As a (very) public figure, Arpaio has a higher legal burden to prove defamation than does an ordinary citizen. Arpaio will have to be able to prove "actual malice" for his lawsuit against the NY Times (or, the potential suit vs. RS) to go anywhere.)
Former Maricopa County Sheriff Joe Arpaio and his attorney are serving the New York Times with their defamation lawsuit today, and sighted their second media target today.
Rolling Stone published an article this afternoon about Rep. Kyrsten Sinema's apparent victory in Arizona's U.S. Senate election. In it, the article notes that Rep. Martha McSally had beaten Kelli Ward and Joe Arpaio in the August primary; Ward was described as a "tea party conspiracist" and Arpaio was touted as both the former Sheriff and an "ex-felon."
This grabbed the former lawman, who immediately tweeted that he "was never arrested or charged with a felony." He calls the Rolling Stone description "completely, misleading, defamatory statements by Rolling Stone is calculated to harm his reputation. Fake news, Already suing large newspaper for 147.5 mil. (all, sic)"
Of course, Arpaio was convicted of criminal contempt of a Court Order for his role in the racial profiling lawsuit Melendres v. Arpaio. The conviction carried a maximum 6-month jail, and was thus considered to be a misdemeanor. Arpaio was pardoned by President Donald Trump before sentencing, and the former Sheriff is currently trying to expunge that finding of guilt. (It is in the 9th Circuit, and the Arpaio legal team is appealing the appointment of a special prosecutor to the U.S. Supreme Court.)Rolling Stone says Sheriff Joe Arpaio is a ex-felon. Arpaio was never arrested or charged with a felony. Arpaio says the completely, misleading, defamatory statements by Rolling Stone is calculated to harm his reputation. Fake news, Already suing large newspaper for 147.5 mil.— Sheriff Joe Arpaio (@RealSheriffJoe) November 13, 2018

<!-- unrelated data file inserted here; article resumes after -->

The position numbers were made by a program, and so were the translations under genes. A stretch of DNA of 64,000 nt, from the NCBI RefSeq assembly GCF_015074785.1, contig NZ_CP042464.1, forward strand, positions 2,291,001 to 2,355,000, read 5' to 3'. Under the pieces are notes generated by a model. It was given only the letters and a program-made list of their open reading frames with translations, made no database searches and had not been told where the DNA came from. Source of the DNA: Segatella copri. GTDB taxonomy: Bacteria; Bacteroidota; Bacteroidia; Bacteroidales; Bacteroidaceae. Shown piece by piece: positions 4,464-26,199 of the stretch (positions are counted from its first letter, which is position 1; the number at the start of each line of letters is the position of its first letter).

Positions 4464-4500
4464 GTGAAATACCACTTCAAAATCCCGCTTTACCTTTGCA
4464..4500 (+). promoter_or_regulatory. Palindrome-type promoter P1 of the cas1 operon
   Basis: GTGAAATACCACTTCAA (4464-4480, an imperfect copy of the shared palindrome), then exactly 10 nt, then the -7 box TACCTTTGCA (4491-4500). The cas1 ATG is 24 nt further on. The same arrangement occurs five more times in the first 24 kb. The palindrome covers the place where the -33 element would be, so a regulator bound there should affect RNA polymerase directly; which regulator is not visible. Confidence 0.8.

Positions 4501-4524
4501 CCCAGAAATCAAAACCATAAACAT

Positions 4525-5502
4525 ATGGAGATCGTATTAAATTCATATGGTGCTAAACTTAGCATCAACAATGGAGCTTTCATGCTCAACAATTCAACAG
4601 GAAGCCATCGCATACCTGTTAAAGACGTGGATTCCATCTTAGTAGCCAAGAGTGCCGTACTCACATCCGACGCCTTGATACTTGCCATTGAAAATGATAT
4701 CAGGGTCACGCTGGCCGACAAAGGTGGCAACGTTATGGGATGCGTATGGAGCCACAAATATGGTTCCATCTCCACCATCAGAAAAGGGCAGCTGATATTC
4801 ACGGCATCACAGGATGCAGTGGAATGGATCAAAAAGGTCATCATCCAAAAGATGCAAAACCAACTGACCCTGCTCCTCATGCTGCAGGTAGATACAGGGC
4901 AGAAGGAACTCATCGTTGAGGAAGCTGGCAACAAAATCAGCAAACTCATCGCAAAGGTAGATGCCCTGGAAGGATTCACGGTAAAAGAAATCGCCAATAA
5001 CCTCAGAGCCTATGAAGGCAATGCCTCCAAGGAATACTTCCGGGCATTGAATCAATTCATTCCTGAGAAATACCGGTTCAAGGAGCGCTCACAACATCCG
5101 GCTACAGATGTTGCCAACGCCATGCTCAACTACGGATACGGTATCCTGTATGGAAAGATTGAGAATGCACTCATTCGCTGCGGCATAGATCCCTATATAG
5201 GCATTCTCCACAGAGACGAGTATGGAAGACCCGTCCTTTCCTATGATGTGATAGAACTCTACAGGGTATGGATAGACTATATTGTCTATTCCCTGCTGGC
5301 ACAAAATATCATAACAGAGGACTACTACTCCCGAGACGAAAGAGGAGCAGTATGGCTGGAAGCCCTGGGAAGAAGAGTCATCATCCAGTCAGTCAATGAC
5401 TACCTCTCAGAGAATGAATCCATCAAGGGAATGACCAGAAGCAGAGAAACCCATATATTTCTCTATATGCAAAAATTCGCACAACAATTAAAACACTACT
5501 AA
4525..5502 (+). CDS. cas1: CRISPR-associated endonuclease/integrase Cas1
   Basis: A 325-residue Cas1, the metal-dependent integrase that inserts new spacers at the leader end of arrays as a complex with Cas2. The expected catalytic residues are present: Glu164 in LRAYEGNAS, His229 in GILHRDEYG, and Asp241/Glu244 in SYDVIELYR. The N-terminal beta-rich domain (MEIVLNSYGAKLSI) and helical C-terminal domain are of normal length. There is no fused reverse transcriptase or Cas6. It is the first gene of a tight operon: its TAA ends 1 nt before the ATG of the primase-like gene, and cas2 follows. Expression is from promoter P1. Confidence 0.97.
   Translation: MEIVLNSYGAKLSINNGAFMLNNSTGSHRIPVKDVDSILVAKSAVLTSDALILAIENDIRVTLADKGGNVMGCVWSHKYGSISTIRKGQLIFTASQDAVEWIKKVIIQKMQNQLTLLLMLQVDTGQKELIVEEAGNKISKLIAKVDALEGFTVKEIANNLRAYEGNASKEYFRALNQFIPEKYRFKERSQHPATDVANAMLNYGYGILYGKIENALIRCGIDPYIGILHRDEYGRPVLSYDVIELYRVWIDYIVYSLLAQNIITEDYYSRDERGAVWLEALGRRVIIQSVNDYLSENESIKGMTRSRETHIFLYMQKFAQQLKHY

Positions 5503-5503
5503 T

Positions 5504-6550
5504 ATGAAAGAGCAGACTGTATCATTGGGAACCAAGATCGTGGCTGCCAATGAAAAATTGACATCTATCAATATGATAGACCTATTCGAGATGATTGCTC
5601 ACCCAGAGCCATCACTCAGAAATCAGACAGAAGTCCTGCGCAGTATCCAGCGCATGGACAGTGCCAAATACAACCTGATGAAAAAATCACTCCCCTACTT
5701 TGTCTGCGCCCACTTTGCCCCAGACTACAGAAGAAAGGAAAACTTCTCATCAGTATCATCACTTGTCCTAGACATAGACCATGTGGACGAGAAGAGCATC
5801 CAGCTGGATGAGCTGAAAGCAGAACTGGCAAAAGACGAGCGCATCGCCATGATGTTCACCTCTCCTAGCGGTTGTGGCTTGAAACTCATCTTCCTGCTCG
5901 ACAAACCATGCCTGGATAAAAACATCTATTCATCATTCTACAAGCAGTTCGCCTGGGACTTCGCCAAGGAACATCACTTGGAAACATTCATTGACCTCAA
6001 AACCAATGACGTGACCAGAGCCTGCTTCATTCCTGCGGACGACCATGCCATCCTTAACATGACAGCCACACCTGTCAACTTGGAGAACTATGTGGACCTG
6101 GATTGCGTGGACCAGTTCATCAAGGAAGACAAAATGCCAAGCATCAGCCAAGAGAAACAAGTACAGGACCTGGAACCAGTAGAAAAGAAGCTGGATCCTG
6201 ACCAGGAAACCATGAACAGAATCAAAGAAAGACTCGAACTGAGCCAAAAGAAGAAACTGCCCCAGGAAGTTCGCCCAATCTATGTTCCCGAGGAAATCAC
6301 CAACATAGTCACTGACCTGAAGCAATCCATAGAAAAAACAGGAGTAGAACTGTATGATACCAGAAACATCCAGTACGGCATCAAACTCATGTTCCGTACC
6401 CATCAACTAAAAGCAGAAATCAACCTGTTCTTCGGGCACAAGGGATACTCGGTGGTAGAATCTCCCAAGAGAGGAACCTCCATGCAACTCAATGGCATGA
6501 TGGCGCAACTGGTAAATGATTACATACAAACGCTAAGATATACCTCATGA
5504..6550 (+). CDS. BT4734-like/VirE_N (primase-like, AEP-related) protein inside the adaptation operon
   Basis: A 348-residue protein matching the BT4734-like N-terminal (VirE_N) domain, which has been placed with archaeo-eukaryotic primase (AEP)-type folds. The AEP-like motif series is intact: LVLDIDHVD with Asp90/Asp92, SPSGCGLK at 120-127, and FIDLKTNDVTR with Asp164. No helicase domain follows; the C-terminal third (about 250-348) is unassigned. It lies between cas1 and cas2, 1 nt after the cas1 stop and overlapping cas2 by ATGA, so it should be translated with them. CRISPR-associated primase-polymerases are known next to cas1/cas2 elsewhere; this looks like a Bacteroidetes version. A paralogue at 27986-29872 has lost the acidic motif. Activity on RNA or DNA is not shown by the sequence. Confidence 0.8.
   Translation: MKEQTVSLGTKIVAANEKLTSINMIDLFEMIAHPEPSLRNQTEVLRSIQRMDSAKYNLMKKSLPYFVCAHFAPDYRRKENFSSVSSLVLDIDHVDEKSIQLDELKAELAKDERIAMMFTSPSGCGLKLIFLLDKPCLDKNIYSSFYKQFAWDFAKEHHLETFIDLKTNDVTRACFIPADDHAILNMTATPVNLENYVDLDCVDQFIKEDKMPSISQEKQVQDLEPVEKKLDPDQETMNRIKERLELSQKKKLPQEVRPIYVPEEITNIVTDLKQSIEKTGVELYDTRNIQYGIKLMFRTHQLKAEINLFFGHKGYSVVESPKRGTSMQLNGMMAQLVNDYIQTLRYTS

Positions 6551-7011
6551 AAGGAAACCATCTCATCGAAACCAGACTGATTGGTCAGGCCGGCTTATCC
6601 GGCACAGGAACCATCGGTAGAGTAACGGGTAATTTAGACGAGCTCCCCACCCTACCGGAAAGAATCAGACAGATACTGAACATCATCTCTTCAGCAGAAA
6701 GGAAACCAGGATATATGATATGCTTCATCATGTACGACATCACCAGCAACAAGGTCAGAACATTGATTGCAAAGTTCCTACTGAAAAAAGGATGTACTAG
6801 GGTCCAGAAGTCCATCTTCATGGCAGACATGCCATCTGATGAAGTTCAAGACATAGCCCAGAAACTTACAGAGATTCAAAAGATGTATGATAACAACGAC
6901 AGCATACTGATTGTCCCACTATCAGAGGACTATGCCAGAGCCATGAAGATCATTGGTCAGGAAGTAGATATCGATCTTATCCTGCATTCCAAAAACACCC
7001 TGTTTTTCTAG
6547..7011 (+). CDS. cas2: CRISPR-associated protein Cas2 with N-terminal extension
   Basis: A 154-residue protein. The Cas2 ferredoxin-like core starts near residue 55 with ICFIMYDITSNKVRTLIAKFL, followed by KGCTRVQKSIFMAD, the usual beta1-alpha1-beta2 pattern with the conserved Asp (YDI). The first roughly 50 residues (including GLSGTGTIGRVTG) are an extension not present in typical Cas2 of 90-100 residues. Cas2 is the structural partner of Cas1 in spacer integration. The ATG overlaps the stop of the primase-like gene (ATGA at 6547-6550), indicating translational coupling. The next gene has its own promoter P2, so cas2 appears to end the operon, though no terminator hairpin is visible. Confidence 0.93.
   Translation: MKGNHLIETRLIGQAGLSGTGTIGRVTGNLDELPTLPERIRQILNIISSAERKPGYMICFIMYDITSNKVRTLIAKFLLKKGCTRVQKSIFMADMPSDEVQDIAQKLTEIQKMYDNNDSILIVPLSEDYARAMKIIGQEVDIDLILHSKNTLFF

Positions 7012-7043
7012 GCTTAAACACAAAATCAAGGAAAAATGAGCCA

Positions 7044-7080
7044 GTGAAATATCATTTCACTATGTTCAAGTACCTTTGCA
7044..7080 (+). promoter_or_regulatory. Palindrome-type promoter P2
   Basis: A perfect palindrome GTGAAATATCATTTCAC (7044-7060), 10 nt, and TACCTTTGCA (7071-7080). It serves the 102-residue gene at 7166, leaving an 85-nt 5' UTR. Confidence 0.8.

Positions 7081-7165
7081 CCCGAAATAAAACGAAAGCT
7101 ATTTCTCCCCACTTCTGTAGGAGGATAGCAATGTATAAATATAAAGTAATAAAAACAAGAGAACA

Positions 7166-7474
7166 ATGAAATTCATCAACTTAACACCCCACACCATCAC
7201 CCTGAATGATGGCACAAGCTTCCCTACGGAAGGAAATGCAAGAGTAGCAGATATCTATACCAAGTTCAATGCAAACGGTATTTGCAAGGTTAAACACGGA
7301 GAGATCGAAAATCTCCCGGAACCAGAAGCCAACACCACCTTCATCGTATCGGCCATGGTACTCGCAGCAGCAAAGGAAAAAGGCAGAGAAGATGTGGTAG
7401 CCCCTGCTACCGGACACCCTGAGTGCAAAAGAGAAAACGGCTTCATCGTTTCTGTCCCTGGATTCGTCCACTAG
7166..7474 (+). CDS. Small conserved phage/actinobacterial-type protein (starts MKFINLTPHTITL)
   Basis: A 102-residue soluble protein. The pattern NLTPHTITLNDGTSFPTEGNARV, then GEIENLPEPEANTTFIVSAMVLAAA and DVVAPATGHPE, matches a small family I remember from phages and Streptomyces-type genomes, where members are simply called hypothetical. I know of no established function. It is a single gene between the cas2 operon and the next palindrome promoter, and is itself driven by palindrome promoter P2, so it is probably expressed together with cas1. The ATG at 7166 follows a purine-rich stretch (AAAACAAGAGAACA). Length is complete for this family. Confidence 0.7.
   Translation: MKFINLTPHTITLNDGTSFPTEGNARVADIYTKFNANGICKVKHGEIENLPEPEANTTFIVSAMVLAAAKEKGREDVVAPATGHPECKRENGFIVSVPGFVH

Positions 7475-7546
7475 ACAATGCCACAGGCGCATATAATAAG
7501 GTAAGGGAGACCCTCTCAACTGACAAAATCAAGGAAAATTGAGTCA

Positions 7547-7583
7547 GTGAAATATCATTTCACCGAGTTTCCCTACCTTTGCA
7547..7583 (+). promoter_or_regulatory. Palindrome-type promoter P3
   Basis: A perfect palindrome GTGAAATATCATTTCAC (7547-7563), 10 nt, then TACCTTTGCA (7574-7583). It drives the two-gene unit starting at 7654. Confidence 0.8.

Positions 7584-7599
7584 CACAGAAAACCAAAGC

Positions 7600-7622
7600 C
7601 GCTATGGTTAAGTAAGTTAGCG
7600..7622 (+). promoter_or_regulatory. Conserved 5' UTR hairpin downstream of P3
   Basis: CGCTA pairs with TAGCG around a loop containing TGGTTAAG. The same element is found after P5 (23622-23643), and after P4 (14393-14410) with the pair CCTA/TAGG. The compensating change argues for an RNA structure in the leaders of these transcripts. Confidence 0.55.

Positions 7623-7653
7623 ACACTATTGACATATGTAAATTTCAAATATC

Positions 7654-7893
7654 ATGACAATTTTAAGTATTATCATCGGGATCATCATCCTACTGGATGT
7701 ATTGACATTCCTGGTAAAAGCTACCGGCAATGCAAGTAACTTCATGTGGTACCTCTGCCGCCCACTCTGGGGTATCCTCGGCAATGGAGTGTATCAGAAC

Last month, Arpaio and his attorney Larry Klayman did file a $147.5M defamation lawsuit against the New York Times and columnist Michelle Cottle. Cottle celebrated Arpaio's defeat in the primary and compared Maricopa County jails under Arpaio to "concentration camps". As a (very) public figure, Arpaio has a higher legal burden to prove defamation than does an ordinary citizen. Arpaio will have to be able to prove "actual malice" for his lawsuit against the NY Times (or, the potential suit vs. RS) to go anywhere.
Klayman told Arizona's Politics today that the "ex-felon" descriptor is also defamatory. He declined to indicate whether he had already discussed this article with Arpaio, and said that "the New York Times is being served today." He also promised that things "will heat up soon."
If you would like to show your appreciation for Arizona's Politics reporting, please consider donating to our pool to support OTHER journalism-related nonprofits. http://bit.ly/AZpDonate
We welcome your comments about this post. Or, if you have something unrelated on your mind, please e-mail to info-at-arizonaspolitics-dot-com or call 602-799-7025. Thanks.